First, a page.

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Regulatory Focus™ > News Articles > 2020 > 2 > FDA Classifies NGS HIV Drug Resistance Test Into Class II

FDA Classifies NGS HIV Drug Resistance Test Into Class II

Posted 06 February 2020 | By Michael Mezher 

FDA Classifies NGS HIV Drug Resistance Test Into Class II

The US Food and Drug Administration (FDA) on Thursday issued a final order classifying next generation sequencing (NGS) HIV drug resistance genotyping assays used to aid in monitoring and treating HIV infections into Class II (special controls).
 
The final order follows a de novo classification request from Vela Diagnostics for its Sentosa SQ HIV Genotyping Assay last March and a decision in November to place the device into Class II. The final order on Thursday also codifies the classification under 21 CFR 866.3955 and provides a generic name for the device, “human immunodeficiency virus drug resistance genotyping assay using next generation sequencing technology.”
 
FDA says it has determined that the special controls laid out in the order, combined with general controls on the device, will provide a reasonable assurance of safety and effectiveness and “will enhance patients’ access to beneficial innovation.”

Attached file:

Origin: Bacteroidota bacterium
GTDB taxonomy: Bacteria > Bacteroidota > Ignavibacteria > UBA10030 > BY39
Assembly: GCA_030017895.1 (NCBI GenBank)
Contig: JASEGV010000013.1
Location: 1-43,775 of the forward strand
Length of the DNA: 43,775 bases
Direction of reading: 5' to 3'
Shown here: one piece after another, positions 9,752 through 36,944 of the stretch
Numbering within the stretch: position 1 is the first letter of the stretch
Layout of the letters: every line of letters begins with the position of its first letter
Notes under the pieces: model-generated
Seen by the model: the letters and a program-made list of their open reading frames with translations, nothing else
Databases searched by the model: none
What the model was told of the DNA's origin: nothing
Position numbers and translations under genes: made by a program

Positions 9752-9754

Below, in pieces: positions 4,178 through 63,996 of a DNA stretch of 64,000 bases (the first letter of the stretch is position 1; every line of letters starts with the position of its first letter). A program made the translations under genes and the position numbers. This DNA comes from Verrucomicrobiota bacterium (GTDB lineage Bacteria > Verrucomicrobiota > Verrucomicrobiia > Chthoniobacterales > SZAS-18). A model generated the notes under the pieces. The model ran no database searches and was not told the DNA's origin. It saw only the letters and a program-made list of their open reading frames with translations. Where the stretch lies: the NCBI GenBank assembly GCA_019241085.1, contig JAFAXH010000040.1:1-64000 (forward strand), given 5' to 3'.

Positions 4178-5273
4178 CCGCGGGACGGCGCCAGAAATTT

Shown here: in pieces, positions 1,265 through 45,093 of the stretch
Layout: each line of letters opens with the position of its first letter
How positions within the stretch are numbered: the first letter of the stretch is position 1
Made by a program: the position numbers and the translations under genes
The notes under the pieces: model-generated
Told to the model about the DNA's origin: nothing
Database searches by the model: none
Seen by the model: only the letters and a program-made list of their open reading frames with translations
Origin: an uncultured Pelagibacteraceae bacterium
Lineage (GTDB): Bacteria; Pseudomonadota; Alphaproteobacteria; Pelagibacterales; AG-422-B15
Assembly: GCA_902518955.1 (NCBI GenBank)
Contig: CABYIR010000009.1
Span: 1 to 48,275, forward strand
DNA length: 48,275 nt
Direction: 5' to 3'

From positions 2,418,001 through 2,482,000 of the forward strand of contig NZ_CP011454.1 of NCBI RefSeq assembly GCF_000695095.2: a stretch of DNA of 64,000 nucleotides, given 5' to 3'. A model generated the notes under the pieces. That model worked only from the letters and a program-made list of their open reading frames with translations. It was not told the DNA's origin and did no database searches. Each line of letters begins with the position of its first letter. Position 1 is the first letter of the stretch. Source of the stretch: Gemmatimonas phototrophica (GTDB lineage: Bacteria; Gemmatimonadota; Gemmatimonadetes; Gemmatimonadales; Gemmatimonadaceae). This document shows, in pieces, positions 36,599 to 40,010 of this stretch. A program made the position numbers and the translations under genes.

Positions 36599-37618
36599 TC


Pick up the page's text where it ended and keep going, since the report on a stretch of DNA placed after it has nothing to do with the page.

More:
The final order identifies two risks posed by the assay and provides four mitigation measures for device makers to establish to ensure its safety and effectiveness and avoid automatic classification into Class III.
 
The two risks are the inaccurate detection of resistance mutation(s) and the incorrect interpretation of test results, which FDA says can be mitigated through device description and labeling measures:
 
Identified Risks Mitigation Measures
Inaccurate detection of resistance mutation(s)
  • Device description information, including performance characteristics and performance studies in labeling;
  • Device description validation procedures and performance studies meeting acceptance criteria;
  • Device limitations in labeling for genetic mutation detection;
  • Device description information, performance characteristics and performance studies in labeling.
Incorrect interpretation of test results
 
FDA notes that, at this time, “HIV drug resistance genotyping assays using NGS technology are for prescription use only,” and do not have to meet requirements for providing adequate directions for use for laypersons.
 
Federal Register Notice

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